In Minneapolis, more than 4,000 National Guardsmen with thousands more on alert along with an overwhelming police presence kept the lid on the violence that had plagued the city the previous 3 nights. Dozens of people were arrested for violating curfew and other minor offenses as Minneapolis Mayor Jacob Frey was sidelined by Governor Tim Walz because of what the governor called the city’s “abject failure” in quelling the violence. Walz vowed to restore order, calling out 10,000 National Guardsmen.
The deployment, along with pleas from community leaders for protesters to stay indoors, appeared to have had the desired result.
Scattered scenes throughout Minneapolis went from peaceful to tense to confrontational as some citizens ignored the 8 p.m. state-mandated curfew and took to the streets to express their anger over George Floyd’s death after being detained by police. Yet there were few reports of the fires, looting and property damage of previous nights that had left much of the city on edge.
Officials credited the far larger presence of the Minnesota National Guard. The Guard said its force has grown from 700 deployed on Friday to more than 4,100 on patrol or waiting their turn, with that number positioned to grow past 10,000.
The police presence was large and aggressive.
The National Guard moved against demonstrators in the area north of Lake Street and Nicollet Avenue, throwing tear gas bombs and effectively dispersing much of the crowd. Troops continued to advance en masse against the scattering crowd as smoke and tear gas obscured views. A few protesters re-emerged after scattering, and were again greeted with barrages of tear gas.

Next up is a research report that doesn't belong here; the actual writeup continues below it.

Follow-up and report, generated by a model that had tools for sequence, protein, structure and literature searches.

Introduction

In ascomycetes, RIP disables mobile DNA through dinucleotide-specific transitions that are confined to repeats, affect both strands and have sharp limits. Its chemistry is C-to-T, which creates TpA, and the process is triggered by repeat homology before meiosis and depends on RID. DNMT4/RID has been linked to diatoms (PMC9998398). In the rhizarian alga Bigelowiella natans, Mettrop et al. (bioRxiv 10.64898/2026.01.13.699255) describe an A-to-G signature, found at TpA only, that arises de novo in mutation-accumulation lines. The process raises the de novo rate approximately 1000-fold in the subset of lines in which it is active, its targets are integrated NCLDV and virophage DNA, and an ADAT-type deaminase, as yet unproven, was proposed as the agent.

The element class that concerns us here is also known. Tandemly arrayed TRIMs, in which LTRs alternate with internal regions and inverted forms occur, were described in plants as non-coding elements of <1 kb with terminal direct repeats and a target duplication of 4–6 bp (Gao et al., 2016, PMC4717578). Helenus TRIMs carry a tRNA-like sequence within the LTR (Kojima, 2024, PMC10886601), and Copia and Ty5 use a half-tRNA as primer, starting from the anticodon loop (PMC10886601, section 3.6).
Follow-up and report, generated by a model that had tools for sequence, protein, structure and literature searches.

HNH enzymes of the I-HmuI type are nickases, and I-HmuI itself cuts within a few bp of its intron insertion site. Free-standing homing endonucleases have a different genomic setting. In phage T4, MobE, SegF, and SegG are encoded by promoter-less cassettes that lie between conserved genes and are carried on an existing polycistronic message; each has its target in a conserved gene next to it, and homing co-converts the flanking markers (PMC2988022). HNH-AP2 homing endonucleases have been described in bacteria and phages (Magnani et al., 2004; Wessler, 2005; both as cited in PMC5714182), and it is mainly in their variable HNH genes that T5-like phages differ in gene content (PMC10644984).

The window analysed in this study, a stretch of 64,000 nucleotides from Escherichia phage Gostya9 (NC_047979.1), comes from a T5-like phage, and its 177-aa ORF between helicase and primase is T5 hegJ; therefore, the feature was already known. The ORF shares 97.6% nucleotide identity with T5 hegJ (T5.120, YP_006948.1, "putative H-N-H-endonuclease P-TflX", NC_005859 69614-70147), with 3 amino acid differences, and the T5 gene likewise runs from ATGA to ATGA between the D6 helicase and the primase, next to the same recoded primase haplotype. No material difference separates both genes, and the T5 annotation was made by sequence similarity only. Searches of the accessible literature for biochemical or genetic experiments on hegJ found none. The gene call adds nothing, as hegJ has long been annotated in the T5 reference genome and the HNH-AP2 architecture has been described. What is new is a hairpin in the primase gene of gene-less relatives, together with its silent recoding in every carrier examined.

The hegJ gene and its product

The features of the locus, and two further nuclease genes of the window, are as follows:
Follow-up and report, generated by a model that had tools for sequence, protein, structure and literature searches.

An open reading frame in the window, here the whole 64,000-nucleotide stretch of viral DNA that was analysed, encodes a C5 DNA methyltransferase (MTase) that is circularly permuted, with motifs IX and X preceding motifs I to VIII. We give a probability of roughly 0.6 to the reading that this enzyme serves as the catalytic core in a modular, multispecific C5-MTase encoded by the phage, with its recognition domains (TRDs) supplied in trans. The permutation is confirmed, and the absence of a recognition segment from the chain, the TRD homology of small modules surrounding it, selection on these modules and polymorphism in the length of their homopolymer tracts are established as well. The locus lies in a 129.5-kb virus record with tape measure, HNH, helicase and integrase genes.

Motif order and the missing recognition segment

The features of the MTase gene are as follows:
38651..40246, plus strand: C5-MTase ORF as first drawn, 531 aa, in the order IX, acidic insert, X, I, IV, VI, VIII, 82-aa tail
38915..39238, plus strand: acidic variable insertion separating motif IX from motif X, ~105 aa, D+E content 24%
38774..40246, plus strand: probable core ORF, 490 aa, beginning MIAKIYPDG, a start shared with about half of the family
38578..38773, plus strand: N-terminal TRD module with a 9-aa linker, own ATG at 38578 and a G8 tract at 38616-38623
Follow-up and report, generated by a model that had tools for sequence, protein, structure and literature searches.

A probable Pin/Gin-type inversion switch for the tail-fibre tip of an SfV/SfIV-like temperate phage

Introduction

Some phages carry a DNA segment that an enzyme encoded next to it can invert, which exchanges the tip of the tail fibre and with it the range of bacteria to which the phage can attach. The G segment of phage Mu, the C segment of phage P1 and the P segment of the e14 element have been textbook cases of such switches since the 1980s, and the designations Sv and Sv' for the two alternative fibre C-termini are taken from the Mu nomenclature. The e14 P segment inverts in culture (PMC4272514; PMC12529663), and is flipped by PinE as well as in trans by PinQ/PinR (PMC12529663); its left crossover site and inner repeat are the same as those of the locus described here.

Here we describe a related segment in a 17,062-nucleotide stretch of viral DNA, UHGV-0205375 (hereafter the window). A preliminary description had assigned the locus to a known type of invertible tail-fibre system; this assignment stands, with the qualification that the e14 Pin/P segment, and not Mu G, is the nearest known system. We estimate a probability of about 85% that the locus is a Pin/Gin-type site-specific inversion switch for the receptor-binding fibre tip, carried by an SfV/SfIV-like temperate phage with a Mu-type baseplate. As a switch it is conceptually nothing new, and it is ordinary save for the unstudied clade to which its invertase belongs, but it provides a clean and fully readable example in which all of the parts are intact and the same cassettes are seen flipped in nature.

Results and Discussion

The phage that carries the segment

In the space of 20 minutes, the huge crowd that had been outside the Fifth Precinct was down to just a few people. Near the Lake Street Kmart, law enforcement pushed agitated protesters under a highway overpass, where they created makeshift barricades and chanted “Hands up, don’t shoot!” A line of officers in riot gear a half-block away began firing projectiles.
Police along Lake and behind bullhorns declared the protest unlawful and warned of arrests, sending people into retreat.
If Mayor Frey had used the police this aggressively earlier, the city wouldn’t be out one police station.
The question asked by many in Minnesota is why the governor didn’t order the deployment of the National Guard sooner?
Walz said that Thursday night he was following a process of waiting for Minneapolis leaders to request assistance before sending in the National Guard. “We were staying in the lane that we were asked to support this,” he said. But after watching the situation deteriorate around the Third Precinct, he said the decision was made shortly after midnight to move in. Soldiers arrived around 3:45 a.m. — by which time it had long been on fire.
Gazelka said Walz should not be asking others for a plan. “It was obvious that the Minneapolis mayor was in over his head. And I think that’s where the governor needed to respond with emergency powers and commander-in-chief over our National Guard — the National Guard was simply waiting for a plan of action,” Gazelka said.
Weak, indecisive, and ineffective. And the barbarians took full advantage.